So I said, “How do you live harmoniously with ideals?” And we jumped into a profound conversation for two minutes. What she said included the following ideas. “You can’t live harmoniously with ideals, because other people disagree. You have to be well grounded in your ideals and strongly committed to them. And, yes, it’s necessary to compromise to some degree to get along with other people. There’s not only one way to do things.”
What she said spoke perfectly to my needs, and I walked away deeply grateful. For that two minutes, she was the spiritual teacher that I needed.
Another great day with the SWRC staff.
Yesterday at the gym I made these notes. A T-shirt created for a women’s basketball team has this on the back: “It’s amazing what can be accomplished when no one cares who gets the credit.” I expressed my appreciation and kept moving.
One person at the equipment desk I had seen many times; we had hardly said hello. But I saw her walking toward the stairs after her shift yesterday, and I had seen her enough to ask this question: “What’s the secret to your inner strength?” Taken aback, she asked me the same question, to which I replied, “Faith.” She said, “That’s a good one.” And after a bit more thought she said, “Courage.” “How did you develop your courage?” A little more thought, and then she said, “There were things that happened to my family. And I decided I was going to be stronger.” I congratulated her and shared my observation that she also had faith—her smile was full of the spirit—and she had expressed approval of my answer. She confirmed my observation; we told our names; and that was it.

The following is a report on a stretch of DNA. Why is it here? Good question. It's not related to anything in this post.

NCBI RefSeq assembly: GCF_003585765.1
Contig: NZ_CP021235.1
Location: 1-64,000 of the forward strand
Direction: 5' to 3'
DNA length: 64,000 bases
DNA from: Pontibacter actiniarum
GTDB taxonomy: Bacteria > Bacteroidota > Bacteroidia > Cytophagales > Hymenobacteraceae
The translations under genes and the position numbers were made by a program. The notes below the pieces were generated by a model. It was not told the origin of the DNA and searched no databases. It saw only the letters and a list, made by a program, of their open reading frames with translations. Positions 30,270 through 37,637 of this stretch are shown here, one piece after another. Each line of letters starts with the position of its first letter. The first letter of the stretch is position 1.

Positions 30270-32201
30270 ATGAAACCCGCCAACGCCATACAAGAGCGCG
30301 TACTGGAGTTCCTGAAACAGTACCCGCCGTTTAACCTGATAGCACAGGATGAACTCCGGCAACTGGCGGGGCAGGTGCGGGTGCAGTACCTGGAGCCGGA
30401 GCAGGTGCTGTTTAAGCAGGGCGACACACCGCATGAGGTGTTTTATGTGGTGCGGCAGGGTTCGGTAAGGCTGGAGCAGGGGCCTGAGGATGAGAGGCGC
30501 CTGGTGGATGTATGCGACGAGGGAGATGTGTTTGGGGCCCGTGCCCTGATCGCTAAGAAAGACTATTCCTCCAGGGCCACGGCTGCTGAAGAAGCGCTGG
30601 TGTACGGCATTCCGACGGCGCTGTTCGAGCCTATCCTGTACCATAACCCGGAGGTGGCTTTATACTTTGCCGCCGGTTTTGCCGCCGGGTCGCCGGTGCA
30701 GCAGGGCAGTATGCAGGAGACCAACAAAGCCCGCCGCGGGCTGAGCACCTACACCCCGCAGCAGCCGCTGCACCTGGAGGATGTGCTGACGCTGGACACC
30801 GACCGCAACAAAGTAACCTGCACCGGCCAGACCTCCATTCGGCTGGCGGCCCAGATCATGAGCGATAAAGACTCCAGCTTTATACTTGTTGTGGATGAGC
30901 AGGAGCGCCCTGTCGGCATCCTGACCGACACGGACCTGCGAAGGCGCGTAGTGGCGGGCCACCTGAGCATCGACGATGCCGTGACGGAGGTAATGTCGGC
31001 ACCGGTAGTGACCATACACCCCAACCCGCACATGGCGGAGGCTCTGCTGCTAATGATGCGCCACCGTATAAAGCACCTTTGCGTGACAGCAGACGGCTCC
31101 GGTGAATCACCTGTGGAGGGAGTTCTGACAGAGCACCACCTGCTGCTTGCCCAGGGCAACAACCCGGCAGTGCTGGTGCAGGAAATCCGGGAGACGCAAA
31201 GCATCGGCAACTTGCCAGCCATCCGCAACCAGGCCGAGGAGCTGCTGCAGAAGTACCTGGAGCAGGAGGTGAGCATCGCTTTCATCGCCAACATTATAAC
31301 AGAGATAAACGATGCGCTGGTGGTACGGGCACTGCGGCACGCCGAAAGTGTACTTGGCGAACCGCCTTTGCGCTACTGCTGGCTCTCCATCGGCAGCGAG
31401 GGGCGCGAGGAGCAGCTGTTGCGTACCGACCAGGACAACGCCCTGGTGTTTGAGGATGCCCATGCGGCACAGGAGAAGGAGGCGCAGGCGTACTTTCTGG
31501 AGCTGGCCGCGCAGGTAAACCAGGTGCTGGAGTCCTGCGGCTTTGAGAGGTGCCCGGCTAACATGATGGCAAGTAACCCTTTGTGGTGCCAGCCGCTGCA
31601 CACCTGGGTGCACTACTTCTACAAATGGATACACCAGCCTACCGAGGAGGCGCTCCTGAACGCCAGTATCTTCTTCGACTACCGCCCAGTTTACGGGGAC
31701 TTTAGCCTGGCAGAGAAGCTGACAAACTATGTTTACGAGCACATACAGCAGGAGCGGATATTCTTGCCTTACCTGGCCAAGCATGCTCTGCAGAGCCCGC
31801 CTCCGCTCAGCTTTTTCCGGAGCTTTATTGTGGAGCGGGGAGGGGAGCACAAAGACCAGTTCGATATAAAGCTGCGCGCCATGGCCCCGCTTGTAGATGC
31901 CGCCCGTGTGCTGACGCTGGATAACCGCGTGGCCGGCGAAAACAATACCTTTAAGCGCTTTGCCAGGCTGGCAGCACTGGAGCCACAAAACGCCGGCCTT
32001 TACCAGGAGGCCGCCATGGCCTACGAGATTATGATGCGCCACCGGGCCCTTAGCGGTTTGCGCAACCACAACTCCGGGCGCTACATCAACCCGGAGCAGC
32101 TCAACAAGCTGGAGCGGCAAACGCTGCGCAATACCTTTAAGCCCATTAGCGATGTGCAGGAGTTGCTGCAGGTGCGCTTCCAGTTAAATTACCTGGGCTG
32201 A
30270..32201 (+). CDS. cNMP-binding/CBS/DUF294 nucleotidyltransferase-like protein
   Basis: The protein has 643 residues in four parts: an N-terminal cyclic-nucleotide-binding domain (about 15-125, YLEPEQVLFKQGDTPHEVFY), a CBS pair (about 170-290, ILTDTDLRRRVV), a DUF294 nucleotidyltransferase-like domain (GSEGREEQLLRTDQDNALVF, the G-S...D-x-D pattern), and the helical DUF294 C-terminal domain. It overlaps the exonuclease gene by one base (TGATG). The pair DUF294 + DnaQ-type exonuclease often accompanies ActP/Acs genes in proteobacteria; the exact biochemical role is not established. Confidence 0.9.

The last story is of particular interest. A barrel-chested guy working out in the weight room had a T-shirt that said BEMOREHUMANBEMOREHUMANBEMOREHUMAN repeating like that for about a dozen rows down the front of his shirt. I expressed appreciation for this shirt and asked, “What does that mean to you?” I asked. “Oh, I really don’t know what it means,” he replied. I let that go. After finishing my work on one machine, he was still around the one next to me, and I went back. I picked up the thread. “I think that that it’s about human dignity. Some people say, ‘He’s only human,” implying that you can expect mediocrity from human beings. But I believe that it means something great to be a human being. There’s a tremendous dignity in it. Some people who are mistreated say, ‘He didn’t treat me as a human being.’ That implies that to be a human being implies that we deserve to be treated well.”
He said, “I think it’s about compassion.” I congratulated him on his interpretation and we left it at that.
What strikes me is the fact that he really did have a good interpretation, but responded initially in a way that was minimally pretentious, in some ways a standard casual response. That’s the mode of social interaction that has me thinking.
And on it goes. There are lots more stories.